Respectability politics play a mammoth role in the day-to-day lives of Black sex workers. For generations, Black women have suffered hateful assumptions about our sexuality, plagued by the expectations of others placed on us that we must be one of many stereotypes: the oversexed, animalistic beast who just can’t get enough; the jovial, fat, dark-complected Aunt Jemima type who will never be desirable or desire anyone; or one of the above with added “she keeps having kids just to be on welfare” stigma. These caricatures of Black women are so ingrained in our collective consciousness that we cannot escape them. While a white woman may choose to embrace her sexuality, a Black woman is seen as wanton and unforgivable—we are less than worthless in this instance. The fat Black woman has much to contend with as well: She is never a lover, always unloved. No man wants her (no woman does, either). Mammy—you’ve seen her portrayed in a million movies as the Very Fat, Very Dark, Very Loud Black woman who cannot and will never be seen as sexual except for comedic effect—chases behind us, even in this day of fat and body acceptance and body agency, snapping at our heels while she wears her trademark red head scarf. From Mammy to Jezebel, from Sapphire to Cassandra, literal tomes have been written by Black people to educate us and assist us in fighting these dangerous ideas that deem us both hyper- and asexual, constructing our sexualities as a pox both on ourselves and those who dare to love us.
But, ironically, even within writings deconstructing the tropes of femininity that plague Black women, the concept of respectability remains: When Jezebel is written about, it is nearly always from the vantage point that Prostitutes Are Bad, and Just Because I Like Sex Doesn’t Make Me A Slut, Respect My Bodily Autonomy and Agency. The truthfulness of the statement regarding autonomy and agency notwithstanding, what’s harmful is how often Black women who are prostitutes (or whatever job we do in the sex trades/label we choose for ourselves) are unable to be taken seriously. From the moment of outing ourselves, being outed, or even having our sex worker status gossiped about, we have lost all hope of ever gaining respect from our peers and community. Without the balancing weights of so many different privileges, Black sex workers can easily be forgotten and left out in the cold (scroll up and click to read Deon Haywood’s interview to see just what that can mean for many of us).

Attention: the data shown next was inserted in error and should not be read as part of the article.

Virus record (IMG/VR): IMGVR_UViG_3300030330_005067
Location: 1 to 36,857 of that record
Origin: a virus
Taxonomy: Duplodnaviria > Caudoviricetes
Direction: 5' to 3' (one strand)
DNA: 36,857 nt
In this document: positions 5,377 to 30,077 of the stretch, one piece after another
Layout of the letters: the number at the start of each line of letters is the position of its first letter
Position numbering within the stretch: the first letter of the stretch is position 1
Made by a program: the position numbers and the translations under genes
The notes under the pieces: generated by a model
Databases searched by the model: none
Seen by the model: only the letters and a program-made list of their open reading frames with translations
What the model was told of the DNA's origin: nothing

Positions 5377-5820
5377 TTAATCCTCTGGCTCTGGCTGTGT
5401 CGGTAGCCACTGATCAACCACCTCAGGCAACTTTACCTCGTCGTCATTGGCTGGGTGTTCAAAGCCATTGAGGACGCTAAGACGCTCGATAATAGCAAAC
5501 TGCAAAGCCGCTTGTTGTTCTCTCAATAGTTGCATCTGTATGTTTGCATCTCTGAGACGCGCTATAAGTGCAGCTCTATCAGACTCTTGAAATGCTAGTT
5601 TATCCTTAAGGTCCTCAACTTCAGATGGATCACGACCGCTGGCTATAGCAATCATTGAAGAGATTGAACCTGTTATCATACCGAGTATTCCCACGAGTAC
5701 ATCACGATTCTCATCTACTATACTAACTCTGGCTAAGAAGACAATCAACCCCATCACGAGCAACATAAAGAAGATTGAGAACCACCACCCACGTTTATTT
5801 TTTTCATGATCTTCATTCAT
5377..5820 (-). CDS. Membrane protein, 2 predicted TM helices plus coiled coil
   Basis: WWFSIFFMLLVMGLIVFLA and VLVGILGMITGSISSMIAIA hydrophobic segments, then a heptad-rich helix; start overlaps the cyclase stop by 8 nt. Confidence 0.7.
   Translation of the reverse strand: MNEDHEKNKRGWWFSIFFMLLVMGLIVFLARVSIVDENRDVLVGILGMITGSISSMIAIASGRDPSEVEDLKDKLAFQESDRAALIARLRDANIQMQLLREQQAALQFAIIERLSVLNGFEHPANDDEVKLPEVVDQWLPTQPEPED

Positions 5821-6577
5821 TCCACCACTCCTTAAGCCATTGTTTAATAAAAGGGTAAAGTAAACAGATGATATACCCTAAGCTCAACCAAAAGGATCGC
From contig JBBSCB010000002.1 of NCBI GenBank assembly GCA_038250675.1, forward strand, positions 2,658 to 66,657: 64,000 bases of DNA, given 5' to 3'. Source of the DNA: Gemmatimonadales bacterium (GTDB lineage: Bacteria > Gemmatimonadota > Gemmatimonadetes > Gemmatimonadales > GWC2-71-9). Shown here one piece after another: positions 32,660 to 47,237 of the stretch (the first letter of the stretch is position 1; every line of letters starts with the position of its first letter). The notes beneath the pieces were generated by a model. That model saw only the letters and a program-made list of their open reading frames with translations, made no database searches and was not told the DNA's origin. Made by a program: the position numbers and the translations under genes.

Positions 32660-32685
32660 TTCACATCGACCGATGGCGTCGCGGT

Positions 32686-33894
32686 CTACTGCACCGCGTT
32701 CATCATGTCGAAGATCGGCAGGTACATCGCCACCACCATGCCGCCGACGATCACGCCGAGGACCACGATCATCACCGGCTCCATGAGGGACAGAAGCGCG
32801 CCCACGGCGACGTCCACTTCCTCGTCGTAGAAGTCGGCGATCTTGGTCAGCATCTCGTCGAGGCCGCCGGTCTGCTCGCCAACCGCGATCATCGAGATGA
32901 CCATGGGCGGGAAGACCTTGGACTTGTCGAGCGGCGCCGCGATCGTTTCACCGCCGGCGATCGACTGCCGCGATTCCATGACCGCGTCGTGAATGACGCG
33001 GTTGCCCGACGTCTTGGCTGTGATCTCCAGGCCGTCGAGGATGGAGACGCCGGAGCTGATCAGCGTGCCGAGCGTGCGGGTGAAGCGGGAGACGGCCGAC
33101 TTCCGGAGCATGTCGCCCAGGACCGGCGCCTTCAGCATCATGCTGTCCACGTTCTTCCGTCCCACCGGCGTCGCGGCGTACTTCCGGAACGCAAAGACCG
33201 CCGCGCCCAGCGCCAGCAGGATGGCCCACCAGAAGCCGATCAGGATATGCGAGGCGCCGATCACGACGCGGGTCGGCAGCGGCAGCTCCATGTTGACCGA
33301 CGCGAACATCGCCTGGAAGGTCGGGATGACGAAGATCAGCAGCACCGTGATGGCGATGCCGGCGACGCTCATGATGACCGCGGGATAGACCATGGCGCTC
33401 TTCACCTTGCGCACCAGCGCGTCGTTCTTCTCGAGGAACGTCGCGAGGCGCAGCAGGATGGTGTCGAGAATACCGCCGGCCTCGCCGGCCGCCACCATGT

Regardless, we are here and more than willing to contribute to the community of providers both on and offline. Sex workers as a grouped community should remember where the very idea of respectability, the expansion of the idea into mainstream communities, and even potential solutions to the problem of respectability politics come from, and give credit where it is due: to the many Black women and men who’ve spoken on this sensitive subject before and have shared their minds and hearts with us through their words.
Tits and Sass is always accepting contributions. We encourage Black sex workers (and anyone else interested) to look at our contribution guidelines and email us at firstname.lastname@example.org. In the meantime, we’ll do our part by seeking out diverse and brilliant contributors ourselves. We remain a volunteer operation and rely on the support of the community via your contributions and comments. Thanks for reading and caring about adding to our collective voice.